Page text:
The changing course of diabetic nephropathy: Low-density lipoprotein cholesterol and blood pressure correlate with regression of proteinuria

Ellis, Demetrius; Lloyd, Cathy; Becker, Dorothy J.; Forrest, Kimberly Y. -Z. and Trevor J., Orchard (1996). The changing course of diabetic nephropathy: Low-density lipoprotein cholesterol and blood pressure correlate with regression of proteinuria. American Journal of Kidney Diseases, 27(6) pp. 809–818.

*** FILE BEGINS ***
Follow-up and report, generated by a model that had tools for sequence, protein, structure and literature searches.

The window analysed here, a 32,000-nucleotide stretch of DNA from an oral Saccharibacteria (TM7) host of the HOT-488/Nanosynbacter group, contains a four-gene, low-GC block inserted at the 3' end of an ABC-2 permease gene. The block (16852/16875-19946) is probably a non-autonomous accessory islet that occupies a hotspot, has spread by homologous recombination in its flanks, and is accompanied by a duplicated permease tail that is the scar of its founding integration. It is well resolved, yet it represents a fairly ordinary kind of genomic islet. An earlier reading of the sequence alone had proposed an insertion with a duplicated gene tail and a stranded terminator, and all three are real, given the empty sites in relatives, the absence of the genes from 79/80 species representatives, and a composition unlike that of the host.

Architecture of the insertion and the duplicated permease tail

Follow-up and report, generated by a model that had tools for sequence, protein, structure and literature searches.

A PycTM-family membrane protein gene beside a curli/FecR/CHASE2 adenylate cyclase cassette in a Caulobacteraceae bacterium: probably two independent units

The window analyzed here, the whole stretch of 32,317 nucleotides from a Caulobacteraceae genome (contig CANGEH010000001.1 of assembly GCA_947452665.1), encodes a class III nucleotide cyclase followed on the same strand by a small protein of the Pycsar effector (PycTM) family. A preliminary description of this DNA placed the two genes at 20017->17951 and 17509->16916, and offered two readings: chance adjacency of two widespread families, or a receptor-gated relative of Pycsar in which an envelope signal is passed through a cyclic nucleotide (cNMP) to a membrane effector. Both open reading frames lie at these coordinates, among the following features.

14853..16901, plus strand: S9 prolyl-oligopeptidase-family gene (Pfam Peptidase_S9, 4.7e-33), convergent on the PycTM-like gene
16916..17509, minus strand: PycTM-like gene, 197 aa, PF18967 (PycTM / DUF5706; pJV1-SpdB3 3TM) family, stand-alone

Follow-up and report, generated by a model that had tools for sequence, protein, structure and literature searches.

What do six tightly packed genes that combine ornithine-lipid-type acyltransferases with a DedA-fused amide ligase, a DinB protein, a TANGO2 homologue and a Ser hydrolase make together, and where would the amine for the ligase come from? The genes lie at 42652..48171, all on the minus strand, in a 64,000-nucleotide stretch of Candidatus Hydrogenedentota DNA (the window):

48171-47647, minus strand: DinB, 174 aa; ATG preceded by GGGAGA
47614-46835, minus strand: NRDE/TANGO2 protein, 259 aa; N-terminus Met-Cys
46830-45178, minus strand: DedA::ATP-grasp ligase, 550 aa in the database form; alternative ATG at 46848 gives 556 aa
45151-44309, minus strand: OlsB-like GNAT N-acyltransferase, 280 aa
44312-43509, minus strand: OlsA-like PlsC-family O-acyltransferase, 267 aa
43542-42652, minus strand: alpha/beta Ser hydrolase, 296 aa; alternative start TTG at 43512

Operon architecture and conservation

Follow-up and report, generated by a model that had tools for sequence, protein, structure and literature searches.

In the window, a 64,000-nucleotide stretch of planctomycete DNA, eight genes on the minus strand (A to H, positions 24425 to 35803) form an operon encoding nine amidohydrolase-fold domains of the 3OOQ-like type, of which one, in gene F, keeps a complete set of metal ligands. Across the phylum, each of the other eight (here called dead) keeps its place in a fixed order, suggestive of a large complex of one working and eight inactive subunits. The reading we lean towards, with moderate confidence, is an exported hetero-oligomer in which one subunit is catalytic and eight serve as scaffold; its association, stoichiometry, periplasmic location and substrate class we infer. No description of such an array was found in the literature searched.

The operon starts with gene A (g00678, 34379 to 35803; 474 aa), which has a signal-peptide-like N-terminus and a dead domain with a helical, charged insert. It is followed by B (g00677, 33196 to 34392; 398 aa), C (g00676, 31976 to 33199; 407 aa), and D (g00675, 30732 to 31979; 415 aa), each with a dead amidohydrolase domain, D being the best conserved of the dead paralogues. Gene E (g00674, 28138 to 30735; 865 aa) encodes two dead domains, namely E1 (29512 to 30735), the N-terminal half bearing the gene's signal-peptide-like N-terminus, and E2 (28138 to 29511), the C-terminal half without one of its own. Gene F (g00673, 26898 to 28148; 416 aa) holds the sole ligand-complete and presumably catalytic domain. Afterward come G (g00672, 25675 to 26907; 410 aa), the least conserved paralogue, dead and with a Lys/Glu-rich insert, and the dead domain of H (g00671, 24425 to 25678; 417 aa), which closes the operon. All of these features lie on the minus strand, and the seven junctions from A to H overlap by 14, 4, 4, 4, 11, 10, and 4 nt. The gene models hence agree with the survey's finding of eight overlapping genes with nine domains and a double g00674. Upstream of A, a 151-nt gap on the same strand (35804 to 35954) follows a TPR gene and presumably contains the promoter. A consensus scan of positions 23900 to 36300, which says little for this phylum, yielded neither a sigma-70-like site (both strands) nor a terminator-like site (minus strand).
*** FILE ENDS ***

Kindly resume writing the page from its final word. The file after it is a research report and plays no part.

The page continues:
Diabetic nephropathy (DN) as manifested by persistent and clinically evident proteinuria, has long been considered an irreversible process that predicts a rapid decline in renal function. The observation of reversal of DN in several individuals enrolled in a prospective study of the natural course of diabetes complications challenged this view and led to the current investigation into the correlates of such regression of proteinuria. DN was defined as a median albumin excretion rate (AER) over 200 μg/min in two or three urine collections obtained at baseline, and again at 2 and 4 years of follow-up. Among 658 individuals with childhood-onset insulin-dependent diabetes mellitus (IDDM), 146 had DN at baseline. Nine subsequently died without renal failure, and 13 were lost to follow-up. Of the 124 subjects with at least survey follow-up data, 32 (24%) developed renal failure, and 78 of the remaining 92 provided full quantitative data. AER decreased by ≥10-fold into the microalbuminuric (20 to 200 μg/min) or normal range (<20 μg/min) in 7 of these individuals and are called “regressors of proteinuria.” Compared with the remaining 71 subjects, the strongest correlate of regression of proteinuria was an improvement in fasting plasma low-density lipoprotein cholesterol (LDL-C) in the 7 regressors (P < 0.008). Improved glycemic control was not a significant predictor of improved AER. Five of the 7 individuals with improved AER had a baseline median AER below 500 μg/min. When the 7 regressors of proteinuria were combined with an additional 38 individuals who also experienced smaller decreases in median AER, such improvement was associated with a more favorable systolic (or diastolic) blood pressure (BP) change (P < 0.01), and a decrease in plasma LDL-C level (P = 0.01). These data suggest that proteinuria in DN may substantially regress in approximately 6% and improve in at least 34% of individuals with IDDM over a 4-year period, often in association with a decrease in plasma LDL-C concentration or stabilization or improvement in BP. Furthermore, the data suggest that the nonreversibility threshold for diabetic nephropathy may be higher (500 μg/min) than previously reported (200 μg/min).

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